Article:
This article originally appeared on VICE Australia.
If you're an American actor, Michael Douglas thinks you should get off Twitter.
Speaking to the Independent, Douglas said this:
"There's something going on with young American actors—both men and women—because the Brits and Australians are taking many of the best American roles from them. Clearly, it breaks down on two fronts. In Britain they take their training seriously, while in the States we're going through a sort of social media image–conscious thing rather than formal training. Many actors are getting caught up in this image thing which is going on to affect their range. With the Aussies, particularly with the males, it's the masculinity. In the US we have this relatively asexual or unisex area with sensitive young men and we don't have many Channing Tatums or Chris Pratts, while the Aussies do. It's a phenomena."
I love Michael Douglas, and so do you. (If you don't, go watch The China Syndrome, Romancing the Stone, Wall Street, Falling Down, The American President, Wonder Boys, Traffic, and Behind the Candelabra, then you can come back and finish reading this.) But that was a baffling statement. To start with, the USA may not have a lot of Channing Tatums or Chris Pratts, but they still have 100 percent more than the rest of the world.
But the point Douglas is making—that American actors are soft and more concerned with their image than their training—is a riff on a meme that's been around for decades. His father, Kirk Douglas, was usually the go-to name when unfavorably comparing modern actors to their predecessors. "They don't make 'em like Kirk Douglas anymore!" We're so far down that rabbit hole, we're at "They don't make 'em like Chris Pratt anymore!"
But leave aside the point about self-conscious stars for the moment, because the primary argument that Douglas is putting forward is based on a faulty premise: that Hollywood belongs to America.
It's not hard to see why Americans think this, and we've certainly heard this complaint many times before. "Amazing preponderance of Brit and Aussie actors in US TV and films," tweeted Jason Alexander. "Conclusion: we must really suck."
I feel for them. After all, Hollywood is quite literally based in America, and its product (films about Americans being American) is overwhelmingly made in America with Americans. But this is where they're the victim of their own market dominance.
The ongoing monopoly of American film and television across the Western world means that it is financially unviable for some countries to create their own entertainment. Australia has a 55 percent minimum local content quota for commercial free-to-air TV stations. The cost of importing a glossy, proven product from overseas is far less than taking a risk and producing your own show. If this quota didn't exist, the entire industry would implode.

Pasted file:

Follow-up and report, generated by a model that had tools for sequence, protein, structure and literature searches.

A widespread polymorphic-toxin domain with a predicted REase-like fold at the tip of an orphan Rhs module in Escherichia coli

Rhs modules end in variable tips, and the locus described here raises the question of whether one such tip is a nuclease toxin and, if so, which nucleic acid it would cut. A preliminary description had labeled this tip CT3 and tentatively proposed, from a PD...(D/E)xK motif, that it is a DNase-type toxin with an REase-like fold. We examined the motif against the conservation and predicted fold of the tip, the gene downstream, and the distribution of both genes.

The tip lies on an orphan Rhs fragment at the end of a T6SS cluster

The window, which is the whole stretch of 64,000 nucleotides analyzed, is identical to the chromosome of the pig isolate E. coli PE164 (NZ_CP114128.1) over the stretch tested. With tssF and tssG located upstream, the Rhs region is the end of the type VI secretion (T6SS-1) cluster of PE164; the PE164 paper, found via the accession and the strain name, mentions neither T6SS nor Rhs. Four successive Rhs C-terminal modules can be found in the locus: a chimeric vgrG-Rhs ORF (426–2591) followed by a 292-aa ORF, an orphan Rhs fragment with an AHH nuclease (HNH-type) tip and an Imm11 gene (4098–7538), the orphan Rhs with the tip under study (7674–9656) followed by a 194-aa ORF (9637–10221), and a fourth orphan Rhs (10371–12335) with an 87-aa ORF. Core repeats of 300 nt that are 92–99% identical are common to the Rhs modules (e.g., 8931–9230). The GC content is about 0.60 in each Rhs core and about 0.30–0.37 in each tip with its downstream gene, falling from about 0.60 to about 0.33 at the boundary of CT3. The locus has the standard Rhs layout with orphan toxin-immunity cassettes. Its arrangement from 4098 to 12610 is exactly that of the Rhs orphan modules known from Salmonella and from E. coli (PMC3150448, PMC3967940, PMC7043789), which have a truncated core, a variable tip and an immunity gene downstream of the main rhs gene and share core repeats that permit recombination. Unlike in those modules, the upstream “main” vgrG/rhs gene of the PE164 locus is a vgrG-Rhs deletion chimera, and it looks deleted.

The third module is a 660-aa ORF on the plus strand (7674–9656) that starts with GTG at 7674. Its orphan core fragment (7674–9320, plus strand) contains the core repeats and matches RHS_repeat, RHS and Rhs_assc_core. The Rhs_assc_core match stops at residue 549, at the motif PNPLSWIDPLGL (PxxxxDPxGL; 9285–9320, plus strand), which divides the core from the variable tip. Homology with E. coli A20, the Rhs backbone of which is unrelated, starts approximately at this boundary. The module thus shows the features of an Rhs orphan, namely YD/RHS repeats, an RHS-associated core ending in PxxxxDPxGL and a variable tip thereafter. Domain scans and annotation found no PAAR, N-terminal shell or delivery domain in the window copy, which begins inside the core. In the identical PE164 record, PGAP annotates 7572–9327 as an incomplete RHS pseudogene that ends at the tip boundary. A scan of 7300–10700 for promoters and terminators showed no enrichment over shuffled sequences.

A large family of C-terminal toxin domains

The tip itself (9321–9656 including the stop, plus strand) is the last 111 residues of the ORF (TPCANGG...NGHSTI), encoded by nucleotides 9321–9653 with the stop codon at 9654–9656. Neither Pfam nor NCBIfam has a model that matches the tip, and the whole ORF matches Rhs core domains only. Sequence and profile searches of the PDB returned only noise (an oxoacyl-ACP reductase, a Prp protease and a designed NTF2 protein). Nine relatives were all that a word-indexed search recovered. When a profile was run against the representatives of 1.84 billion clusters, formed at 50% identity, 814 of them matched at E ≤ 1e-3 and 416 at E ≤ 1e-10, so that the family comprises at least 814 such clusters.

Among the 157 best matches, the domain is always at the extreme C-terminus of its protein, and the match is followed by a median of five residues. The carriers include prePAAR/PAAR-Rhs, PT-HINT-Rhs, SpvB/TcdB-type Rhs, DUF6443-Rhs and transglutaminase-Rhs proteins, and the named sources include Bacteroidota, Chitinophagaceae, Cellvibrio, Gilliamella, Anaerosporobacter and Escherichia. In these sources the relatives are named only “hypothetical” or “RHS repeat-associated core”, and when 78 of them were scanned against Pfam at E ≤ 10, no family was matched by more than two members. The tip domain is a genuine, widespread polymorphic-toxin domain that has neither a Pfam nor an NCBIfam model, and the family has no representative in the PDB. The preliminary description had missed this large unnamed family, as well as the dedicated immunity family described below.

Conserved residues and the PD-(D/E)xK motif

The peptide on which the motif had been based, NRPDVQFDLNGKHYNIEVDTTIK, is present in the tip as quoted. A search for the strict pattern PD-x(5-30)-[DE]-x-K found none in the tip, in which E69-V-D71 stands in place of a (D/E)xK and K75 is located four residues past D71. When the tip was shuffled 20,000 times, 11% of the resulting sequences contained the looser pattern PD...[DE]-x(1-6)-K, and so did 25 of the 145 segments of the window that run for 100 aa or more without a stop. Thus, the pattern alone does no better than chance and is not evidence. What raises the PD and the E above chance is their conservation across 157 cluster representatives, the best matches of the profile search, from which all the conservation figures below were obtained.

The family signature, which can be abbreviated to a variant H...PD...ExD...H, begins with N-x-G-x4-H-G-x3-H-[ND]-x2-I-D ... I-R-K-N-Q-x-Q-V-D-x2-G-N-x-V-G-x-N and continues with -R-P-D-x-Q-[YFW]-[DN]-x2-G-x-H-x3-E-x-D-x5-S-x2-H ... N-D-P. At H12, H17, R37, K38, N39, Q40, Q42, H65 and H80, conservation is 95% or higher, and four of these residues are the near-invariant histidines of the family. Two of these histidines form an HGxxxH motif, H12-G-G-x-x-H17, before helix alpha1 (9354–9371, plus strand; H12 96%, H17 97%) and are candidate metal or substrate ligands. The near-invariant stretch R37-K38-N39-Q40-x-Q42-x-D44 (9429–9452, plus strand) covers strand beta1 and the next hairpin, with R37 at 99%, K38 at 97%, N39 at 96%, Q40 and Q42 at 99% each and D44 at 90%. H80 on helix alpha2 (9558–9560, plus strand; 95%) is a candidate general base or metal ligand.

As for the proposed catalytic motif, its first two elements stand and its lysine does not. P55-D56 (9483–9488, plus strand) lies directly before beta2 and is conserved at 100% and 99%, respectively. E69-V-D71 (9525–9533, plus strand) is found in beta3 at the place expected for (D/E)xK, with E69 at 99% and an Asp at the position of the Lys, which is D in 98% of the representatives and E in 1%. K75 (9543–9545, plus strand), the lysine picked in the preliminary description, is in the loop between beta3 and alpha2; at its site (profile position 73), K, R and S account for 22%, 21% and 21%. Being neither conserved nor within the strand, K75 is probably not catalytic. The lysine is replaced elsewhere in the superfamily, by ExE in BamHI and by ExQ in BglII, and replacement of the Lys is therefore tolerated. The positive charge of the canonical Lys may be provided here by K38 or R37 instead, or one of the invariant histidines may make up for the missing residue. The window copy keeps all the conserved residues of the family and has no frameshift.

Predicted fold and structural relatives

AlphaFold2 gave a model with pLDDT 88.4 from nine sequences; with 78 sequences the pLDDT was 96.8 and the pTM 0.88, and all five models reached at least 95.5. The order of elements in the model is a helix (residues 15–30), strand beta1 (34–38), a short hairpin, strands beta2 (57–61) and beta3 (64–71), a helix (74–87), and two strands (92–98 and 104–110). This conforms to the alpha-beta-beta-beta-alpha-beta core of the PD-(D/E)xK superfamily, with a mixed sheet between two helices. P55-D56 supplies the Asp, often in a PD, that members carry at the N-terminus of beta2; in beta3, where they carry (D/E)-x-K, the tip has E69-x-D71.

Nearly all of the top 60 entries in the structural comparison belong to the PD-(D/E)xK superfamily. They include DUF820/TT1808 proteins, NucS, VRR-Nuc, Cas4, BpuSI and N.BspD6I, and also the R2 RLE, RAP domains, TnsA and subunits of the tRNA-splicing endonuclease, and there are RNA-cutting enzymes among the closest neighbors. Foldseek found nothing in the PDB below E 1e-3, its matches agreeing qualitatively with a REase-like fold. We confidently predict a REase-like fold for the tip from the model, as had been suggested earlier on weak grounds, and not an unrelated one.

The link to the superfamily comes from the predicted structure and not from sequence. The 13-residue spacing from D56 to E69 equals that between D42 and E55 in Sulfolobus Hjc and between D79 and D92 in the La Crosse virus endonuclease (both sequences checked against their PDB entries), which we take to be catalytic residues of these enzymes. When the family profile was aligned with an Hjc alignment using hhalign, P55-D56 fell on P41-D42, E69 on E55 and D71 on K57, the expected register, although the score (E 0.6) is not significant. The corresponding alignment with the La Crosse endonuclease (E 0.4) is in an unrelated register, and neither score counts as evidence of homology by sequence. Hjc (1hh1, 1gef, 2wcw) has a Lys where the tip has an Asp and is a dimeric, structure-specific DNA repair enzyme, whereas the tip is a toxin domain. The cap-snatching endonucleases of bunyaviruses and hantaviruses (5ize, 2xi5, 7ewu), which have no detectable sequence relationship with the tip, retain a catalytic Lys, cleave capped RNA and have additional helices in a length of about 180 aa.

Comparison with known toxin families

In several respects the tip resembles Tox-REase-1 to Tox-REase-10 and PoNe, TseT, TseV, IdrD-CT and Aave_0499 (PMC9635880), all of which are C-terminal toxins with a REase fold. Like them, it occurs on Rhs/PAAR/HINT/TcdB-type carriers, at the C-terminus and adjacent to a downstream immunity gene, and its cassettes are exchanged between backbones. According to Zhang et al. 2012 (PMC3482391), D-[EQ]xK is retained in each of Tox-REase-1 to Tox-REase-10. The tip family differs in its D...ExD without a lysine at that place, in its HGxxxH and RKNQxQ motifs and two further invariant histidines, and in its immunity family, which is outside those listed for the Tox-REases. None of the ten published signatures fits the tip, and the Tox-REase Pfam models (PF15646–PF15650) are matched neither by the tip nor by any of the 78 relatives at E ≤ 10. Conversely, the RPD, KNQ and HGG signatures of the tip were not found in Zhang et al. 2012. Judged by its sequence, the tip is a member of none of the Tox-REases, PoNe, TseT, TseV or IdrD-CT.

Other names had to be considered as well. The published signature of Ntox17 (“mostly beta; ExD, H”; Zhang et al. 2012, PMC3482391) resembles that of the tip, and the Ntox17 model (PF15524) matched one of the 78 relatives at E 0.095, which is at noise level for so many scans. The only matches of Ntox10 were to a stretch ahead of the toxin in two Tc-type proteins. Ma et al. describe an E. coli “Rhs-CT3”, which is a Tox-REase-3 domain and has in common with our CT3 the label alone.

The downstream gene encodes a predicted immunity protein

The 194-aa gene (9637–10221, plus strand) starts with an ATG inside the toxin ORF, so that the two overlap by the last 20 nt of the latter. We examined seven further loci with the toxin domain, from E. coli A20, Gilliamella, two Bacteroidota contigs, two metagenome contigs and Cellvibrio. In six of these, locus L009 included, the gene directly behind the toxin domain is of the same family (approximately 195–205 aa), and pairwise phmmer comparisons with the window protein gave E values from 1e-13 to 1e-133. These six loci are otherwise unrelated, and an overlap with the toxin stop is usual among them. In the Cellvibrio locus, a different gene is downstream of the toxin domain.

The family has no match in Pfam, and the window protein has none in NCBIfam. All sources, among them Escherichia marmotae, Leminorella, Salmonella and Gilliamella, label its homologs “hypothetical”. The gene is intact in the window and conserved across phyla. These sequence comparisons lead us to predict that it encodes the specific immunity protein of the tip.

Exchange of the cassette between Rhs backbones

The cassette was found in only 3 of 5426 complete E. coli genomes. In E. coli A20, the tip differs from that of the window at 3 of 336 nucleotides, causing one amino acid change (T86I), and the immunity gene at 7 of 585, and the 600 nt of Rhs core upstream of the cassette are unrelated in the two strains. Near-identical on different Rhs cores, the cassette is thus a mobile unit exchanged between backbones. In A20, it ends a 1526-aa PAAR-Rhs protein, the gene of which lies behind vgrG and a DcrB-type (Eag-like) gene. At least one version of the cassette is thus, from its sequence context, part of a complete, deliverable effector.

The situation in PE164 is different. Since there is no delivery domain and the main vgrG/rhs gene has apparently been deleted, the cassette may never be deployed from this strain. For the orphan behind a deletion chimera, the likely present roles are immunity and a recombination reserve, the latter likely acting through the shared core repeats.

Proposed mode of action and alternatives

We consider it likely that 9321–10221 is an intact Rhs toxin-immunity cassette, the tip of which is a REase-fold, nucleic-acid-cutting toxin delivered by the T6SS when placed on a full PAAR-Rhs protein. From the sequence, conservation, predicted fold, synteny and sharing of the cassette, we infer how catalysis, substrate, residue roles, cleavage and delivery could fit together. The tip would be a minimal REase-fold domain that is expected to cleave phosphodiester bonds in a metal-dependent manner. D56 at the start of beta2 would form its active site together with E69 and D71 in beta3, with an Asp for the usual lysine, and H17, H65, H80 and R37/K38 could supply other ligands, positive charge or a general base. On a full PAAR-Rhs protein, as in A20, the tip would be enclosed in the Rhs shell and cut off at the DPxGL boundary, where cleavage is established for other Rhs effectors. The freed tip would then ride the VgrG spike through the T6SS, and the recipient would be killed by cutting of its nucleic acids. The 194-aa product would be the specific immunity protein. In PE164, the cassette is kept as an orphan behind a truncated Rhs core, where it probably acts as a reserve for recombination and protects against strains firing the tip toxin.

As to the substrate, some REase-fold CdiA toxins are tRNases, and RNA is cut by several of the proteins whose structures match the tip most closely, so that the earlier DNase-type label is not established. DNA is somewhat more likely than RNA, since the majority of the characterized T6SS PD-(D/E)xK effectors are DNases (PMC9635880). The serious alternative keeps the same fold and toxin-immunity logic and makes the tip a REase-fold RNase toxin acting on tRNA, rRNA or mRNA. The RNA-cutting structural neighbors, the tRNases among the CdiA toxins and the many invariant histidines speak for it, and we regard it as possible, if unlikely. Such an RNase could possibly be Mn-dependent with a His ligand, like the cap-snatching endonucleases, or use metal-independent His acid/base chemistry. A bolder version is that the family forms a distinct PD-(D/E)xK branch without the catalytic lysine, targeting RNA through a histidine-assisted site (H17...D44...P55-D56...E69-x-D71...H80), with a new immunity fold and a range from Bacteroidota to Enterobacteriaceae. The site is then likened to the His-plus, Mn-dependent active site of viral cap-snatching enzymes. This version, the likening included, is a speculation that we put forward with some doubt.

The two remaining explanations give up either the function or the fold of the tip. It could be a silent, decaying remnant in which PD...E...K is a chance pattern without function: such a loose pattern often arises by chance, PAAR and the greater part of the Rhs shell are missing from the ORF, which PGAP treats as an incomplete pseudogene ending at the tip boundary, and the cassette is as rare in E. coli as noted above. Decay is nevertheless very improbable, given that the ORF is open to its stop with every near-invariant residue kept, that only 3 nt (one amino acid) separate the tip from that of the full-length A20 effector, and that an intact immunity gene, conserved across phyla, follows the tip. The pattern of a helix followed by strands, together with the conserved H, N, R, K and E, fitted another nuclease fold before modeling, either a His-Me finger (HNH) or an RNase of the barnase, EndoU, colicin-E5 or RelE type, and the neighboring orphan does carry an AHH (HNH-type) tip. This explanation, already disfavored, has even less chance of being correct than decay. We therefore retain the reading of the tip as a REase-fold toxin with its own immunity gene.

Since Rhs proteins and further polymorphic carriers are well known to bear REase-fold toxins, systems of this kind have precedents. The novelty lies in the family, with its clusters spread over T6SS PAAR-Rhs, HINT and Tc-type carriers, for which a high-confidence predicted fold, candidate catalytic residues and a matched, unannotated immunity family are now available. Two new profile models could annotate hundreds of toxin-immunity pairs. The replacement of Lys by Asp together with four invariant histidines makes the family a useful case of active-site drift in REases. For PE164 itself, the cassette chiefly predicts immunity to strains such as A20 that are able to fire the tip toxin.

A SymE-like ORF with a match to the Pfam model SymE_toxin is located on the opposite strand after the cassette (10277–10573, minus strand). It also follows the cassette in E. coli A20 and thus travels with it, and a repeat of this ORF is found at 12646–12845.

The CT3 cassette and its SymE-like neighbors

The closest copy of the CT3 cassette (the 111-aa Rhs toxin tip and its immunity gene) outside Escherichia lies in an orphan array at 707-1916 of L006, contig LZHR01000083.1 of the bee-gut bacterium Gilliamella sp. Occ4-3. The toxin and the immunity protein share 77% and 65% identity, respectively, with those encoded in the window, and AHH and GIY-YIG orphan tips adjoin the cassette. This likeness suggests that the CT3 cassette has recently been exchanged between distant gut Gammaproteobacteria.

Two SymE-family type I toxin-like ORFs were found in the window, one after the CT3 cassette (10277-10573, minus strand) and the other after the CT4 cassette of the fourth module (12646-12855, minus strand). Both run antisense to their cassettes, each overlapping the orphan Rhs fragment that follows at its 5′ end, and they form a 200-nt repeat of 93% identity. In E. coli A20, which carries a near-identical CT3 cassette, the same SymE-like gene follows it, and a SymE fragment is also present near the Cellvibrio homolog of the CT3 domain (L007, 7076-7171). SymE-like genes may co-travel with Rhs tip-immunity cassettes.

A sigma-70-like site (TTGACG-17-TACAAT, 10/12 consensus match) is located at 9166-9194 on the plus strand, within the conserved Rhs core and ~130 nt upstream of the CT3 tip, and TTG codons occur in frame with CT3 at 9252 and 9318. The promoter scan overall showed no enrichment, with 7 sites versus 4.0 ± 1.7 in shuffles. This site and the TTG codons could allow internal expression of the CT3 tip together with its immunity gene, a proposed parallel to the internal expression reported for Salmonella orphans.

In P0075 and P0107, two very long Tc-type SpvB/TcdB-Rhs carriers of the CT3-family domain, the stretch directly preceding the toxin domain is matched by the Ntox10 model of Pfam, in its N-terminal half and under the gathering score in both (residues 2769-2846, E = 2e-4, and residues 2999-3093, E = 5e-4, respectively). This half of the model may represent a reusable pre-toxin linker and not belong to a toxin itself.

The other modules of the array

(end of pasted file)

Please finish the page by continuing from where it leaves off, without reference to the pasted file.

Meanwhile, Australian cinema is, and always has been, subsidized by the government. It is considered a cultural imperative for us to have some sort of film industry, because if we left it to the open market it simply would not happen. That's why there's no Australian equivalent of a Paramount or a Universal, no multi-billion dollar entertainment conglomerate funding high-budget cinema. The average budget for an Australian film is $11 million. The average budget of a Hollywood film is $71 million. The odds are not in our favor.
The fact that Australians aren't spending enough to keep our own industry afloat is all the more shocking when you see how much we spend on entertainment. We currently spend $1.12 billion on film. 2.47 percent of that goes to Australian films. A decade ago, it was 3.8 percent. In the 1980s, it was 11.49 percent. We're being squeezed out of our own market, and we're the ones doing the squeezing.
This story is so familiar, the "Why don't Australian films do well at the box office?" article is now a regular fixture across all Australian newspapers. Microsoft Word now comes with an Australian box office article template.
Hollywood, on the other hand, has conquered the world. It now measures its films' successes based on international box office, which is why moderate domestic performers such as Pacific Rim can get sequels based on worldwide gross, or why films such as 2012, Mission: Impossible 3 and Transformers 4 are taking advantage of the bourgeoning Chinese market by featuring flattering sequences that take place in China.
So we can't really take Hollywood seriously when it complains about all the Australian actors flooding the market. If they want to switch places, we'll gladly take a multi-billion dollar industry in exchange for a Yankee invasion. But complaining about people being attracted to the most successful cinema industry in the world (unless you're willing to learn Hindi) is like advertising that you have the greatest, freest country in the world, then complaining when immigrants turn up to be part of it. Who would be that stupid?
The journey to Hollywood is the journey to Mecca. Arriving there is considered the very definition of success in an industry that is, by necessity, powered by money in a way that no other artform is. Hollywood's success is so great that it has all-but-destroyed the chances of our own films succeeding in our own country, and if the price they pay for that is an influx of Hemsworths, then they can deal with it. Meanwhile, Douglas can console himself with the fact that America not only has the monopoly on cinema, but on the world's collection of Chris Pratts and Channing Tatums.
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